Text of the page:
Jumping Chollas are one of the most popular and well known plants in the world. They have been cultivated since ancient times and they were used as decorations during Roman Empire period. Today, they are grown all over the world for their colorful flowers which attract insects and other small animals. They are easy to grow in any climate conditions and they need little water or fertilizer. These tiny plants produce very beautiful white flowers with pink centers that bloom only once every few years.
Jumpers are considered as a weed because they grow up to 2 feet tall and are difficult to control. They require very little care and it takes less than 1/2 gallon of water per plant to keep them alive. Some growers prefer not to use soil at all when growing these plants, but others like the extra support provided by soil.
Most jumpers will survive without any additional care except for light watering in hot weather. If you want to grow these plants indoors, then you must provide some sort of support such as a trellis or hanging basket.
The best time to harvest jumping cholla is in springtime. Jumping chollas are easy to propagate from seeds and they can be propagated through cuttings. Cuttings take approximately 3 weeks to germinate after being placed into a pot of moist peat moss.
Jumping chollas are carnivorous plants and they trap insects in their bristles to provide them with the nutrients they need. The jumping cholla can also be grown in a container filled with animal waste such as chicken manure or even cat litter. The plant absorbs all of its nutrients from decaying flesh or urine.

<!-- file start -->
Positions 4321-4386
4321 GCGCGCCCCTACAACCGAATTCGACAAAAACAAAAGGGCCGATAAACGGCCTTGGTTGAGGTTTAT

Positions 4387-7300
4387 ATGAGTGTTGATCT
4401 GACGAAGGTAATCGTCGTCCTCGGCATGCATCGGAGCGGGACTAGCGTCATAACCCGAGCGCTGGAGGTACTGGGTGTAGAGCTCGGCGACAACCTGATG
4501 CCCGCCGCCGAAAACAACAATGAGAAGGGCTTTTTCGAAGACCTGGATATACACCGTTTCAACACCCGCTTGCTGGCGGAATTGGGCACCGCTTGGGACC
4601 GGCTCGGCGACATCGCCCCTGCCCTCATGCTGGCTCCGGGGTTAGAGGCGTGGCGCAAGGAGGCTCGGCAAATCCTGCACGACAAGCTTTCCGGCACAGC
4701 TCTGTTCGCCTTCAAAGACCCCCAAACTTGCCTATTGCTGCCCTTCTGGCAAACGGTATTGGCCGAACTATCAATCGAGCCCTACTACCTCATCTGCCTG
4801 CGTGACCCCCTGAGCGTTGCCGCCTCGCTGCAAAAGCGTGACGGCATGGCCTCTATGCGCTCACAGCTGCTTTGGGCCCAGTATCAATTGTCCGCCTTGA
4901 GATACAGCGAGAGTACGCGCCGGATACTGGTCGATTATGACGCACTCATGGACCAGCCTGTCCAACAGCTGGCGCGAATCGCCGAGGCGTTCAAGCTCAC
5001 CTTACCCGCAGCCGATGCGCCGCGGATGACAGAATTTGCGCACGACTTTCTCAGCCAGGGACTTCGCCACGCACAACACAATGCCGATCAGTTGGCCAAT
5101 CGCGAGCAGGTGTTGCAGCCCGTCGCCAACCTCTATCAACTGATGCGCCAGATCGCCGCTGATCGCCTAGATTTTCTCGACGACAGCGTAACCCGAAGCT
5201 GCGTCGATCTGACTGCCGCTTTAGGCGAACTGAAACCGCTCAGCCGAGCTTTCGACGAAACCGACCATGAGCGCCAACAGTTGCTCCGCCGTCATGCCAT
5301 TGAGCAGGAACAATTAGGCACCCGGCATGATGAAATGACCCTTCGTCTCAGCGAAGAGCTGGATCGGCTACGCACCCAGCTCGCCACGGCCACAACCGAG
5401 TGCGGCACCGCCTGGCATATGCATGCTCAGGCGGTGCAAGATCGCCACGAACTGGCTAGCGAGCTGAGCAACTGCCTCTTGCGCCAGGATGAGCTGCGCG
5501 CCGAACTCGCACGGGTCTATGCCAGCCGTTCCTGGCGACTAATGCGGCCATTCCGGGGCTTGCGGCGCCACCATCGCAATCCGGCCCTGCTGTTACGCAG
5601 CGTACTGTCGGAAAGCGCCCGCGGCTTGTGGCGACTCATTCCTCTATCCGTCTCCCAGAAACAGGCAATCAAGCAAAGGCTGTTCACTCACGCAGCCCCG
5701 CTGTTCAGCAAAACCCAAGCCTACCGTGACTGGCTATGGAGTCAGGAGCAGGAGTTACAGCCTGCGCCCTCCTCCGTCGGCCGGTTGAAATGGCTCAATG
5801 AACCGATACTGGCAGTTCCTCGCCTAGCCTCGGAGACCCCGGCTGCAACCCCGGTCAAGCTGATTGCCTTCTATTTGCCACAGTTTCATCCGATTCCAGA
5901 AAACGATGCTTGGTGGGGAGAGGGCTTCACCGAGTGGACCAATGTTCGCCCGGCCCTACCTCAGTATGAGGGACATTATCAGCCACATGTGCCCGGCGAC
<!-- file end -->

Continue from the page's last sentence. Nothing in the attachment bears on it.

Jumping chollas will grow well in any climate conditions but they will look their best when grown outdoors. They are very hardy plants and can survive in hot and dry conditions. They like light shade when grown outdoors.
It is important to remove all the dead or dying bristles from the plant because they will attract insect pests which can damage the plant.
Some people grow jumping chollas in small dish gardens which are placed on window sills. These dish gardens usually contain colorful gravels and stones that contrast sharply with the bright green paddles of the jumping cholla plants.
Sources & references used in this article:
The cactus primer by AC Gibson, PS Nobel – 1986 – books.google.com
Interaction of diffuse competition and insect herbivory in limiting brittle prickly pear cactus, Opuntia fragilis (Cactaceae) by JC Burger, SM Louda – American Journal of Botany, 1995 – Wiley Online Library
Hierarchical nanostructured ZnO with nanorods engendered to nanopencils and pin-cushion cactus with its field emission study by SS Warule, NS Chaudhari, JD Ambekar… – … applied materials & …, 2011 – ACS Publications
Selenium accumulation, distribution, and speciation in spineless prickly pear cactus: a drought-and salt-tolerant, selenium-enriched nutraceutical fruit crop for … by GS Bañuelos, SC Fakra, SS Walse, MA Marcus… – Plant …, 2011 – Am Soc Plant Biol
Preliminary ecological investigation of natural community status at Organ Pipe Cactus National Monument by WF Steenbergh, PL Warren – 1977 – books.google.com
Effect of reproductive modes and environmental heterogeneity in the population dynamics of a geographically widespread clonal desert cactus by MC Mandujano, J Golubov, LF Huenneke – Population Ecology, 2007 – Springer
Ajo Peak to Tinajas Altas: A flora in southwestern Arizona. Part 7. Eudicots: Cactaceae—Cactus Family by RS Felger, S Rutman, J Malusa, MA Baker – Phytoneuron, 2014 – academia.edu
Toward Understanding the Efficacy and Mechanism of Opuntia spp. as a Natural Coagulant for Potential Application in Water Treatment by SM Miller, EJ Fugate, VO Craver, JA Smith… – … science & technology, 2008 – ACS Publications